Easily lost amid the flashy staging is the playwrights’ dexterity with words. Some of the dialogue intentionally deconstructs the Bard by slamming together heightened verse and street vernacular, dropping them in the same sack to fight like cats. More impressive, while a few passages directly quote Shakespeare, Heidegger or Muller, much of the original writing is so smoothly poetic and intellectually profound that you wonder if it hasn’t been lifted from the masters. It hasn’t. That’s Farr and Tei.
Occasionally, everything gets too inventive. Matt Corey, one of the region’s best sound designers, has been allowed to explore what can be done aurally. Sometimes it enhances the production, but sometimes his knowledge of what can be done and what Tei has asked for gets out of hand. For instance, the ghost’s speeches are artistically distorted, but they are also often impossible to comprehend — which would be an almost acceptable choice if they went on only half as long.
The cast is having an infectiously grand old time. Most performances seem comfortable and credible, an accomplishment in this upside down world. But one performance is barely adequate and another actor’s performance is flatter than Oklahoma, illustrating absolutely no feel for the words — when he can be heard or understood.
Back at the top of the list is the ever-dependable Ken Clement as a delightfully slick demagogue President Claudius. Clement is utterly convincing in everything he does, even when he’s operating Polonius the puppet. In the title role, Troy Davidson is as good as we’ve ever seen him. His somber and smart Hamlet has the bulk of the mashed-up dialogue, yet Davidson makes both the verse and vernacular sound plausible.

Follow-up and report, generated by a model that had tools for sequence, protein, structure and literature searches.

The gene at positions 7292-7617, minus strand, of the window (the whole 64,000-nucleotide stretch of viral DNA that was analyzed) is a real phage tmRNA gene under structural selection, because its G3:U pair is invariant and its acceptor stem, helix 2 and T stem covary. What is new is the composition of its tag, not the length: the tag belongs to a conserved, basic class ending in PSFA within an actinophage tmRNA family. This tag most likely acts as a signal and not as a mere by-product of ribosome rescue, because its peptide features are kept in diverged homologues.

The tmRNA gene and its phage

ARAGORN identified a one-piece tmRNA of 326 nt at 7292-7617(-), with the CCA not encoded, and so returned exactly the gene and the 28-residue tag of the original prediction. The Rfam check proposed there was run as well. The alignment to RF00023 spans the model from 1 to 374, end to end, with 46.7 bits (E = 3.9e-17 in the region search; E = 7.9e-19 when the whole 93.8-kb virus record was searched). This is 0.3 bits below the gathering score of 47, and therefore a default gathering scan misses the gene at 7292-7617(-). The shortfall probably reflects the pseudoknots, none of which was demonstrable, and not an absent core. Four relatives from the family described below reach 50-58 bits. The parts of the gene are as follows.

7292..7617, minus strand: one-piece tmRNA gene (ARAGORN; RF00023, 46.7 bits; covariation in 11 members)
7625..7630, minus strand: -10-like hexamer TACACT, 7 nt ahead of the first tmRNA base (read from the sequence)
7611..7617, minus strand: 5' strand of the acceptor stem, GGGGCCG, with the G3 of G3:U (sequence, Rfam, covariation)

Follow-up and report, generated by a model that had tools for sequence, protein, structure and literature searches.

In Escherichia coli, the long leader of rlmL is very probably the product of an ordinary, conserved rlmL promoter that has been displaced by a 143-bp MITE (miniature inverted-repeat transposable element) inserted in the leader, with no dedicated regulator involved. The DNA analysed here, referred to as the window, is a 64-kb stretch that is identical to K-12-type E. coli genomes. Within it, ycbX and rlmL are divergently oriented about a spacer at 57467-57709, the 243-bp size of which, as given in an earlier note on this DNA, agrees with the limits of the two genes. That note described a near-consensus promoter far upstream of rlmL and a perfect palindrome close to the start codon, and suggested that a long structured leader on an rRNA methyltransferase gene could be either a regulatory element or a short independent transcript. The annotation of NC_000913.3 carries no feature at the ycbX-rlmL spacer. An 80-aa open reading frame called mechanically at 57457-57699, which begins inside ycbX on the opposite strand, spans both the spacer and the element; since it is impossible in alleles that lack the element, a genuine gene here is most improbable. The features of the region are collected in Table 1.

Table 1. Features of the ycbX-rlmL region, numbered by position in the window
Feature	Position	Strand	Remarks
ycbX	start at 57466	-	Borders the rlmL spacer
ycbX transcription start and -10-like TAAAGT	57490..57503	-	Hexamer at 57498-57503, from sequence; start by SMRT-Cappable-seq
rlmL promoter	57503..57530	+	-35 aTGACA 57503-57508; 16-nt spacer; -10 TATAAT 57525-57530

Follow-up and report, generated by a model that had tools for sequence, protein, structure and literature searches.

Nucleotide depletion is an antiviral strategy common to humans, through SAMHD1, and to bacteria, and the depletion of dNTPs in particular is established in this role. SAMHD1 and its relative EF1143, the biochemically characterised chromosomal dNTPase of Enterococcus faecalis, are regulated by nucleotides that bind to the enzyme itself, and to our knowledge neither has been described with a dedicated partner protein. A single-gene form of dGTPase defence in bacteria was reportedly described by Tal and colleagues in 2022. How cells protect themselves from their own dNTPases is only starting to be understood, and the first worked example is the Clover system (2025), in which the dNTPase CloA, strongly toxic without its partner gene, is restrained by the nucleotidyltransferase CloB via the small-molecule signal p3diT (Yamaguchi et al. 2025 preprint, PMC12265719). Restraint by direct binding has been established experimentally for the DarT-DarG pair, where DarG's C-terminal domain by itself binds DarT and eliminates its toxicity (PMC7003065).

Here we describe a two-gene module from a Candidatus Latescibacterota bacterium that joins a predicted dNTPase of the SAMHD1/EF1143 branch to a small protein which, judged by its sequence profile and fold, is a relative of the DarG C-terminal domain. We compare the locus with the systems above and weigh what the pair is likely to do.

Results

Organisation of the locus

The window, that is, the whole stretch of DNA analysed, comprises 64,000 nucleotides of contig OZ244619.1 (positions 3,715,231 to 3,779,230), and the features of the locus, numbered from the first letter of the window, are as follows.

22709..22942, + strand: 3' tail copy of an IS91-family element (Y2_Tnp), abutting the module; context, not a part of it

Christopher Kent plays guitar and bass in the live band with nonpareil percussionist Brian Sayre. But Kent also provides four solid and distinct performances as the leading player delivering a passage from Muller’s play The Hamlet Machine; the grave Fortinbras, the dissolute Osric and the wry Irish gravedigger.
Emilie Papp, sporting a chemical red bobbed wig, is a strong-willed Ophelia far more believable that the shrinking violet of classic productions. Carey Brianna Hart plays the worried queen. Farr herself luxuriates in the decadent, strutting emcee. Erik Fabregat and Ralph de la Portilla give hilarious turns as R&G in a cleverly produced video. Veteran stage and voice actor Dave Corey provides a dead-on lampoon of a smarmy drive time radio host, Yorick.
The set design by Sean McClelland and lighting by Melissa Santiago Keenan work wonders with a tiny budget. They create a deteriorating world dominated by a spidery web of ropes enveloping the set.
Acknowledge that Tei has the courage of his convictions to consistently invest his productions with a refreshingly stylistic vision. He creates idiosyncratic work on stage that’s likely pretty close to the images in his head. So the only issue is whether individual audience members can plug into his wavelength. What you can’t argue with is that this, even with its occasional excess and sloppiness, this is theater.
The Hamlet Dog and Pony Show runs through Aug. 12 at Mad Cat Theatre Company performing at The Light Box at Goldman Warehouse, 404 NW 26th Street, Miami. Performances are 8 p.m. Thursday-Saturday, 2 p.m. Sunday. Tickets are $25-$30, students $15. Call (866) 811-4111 or visit www.madcattheatre.org.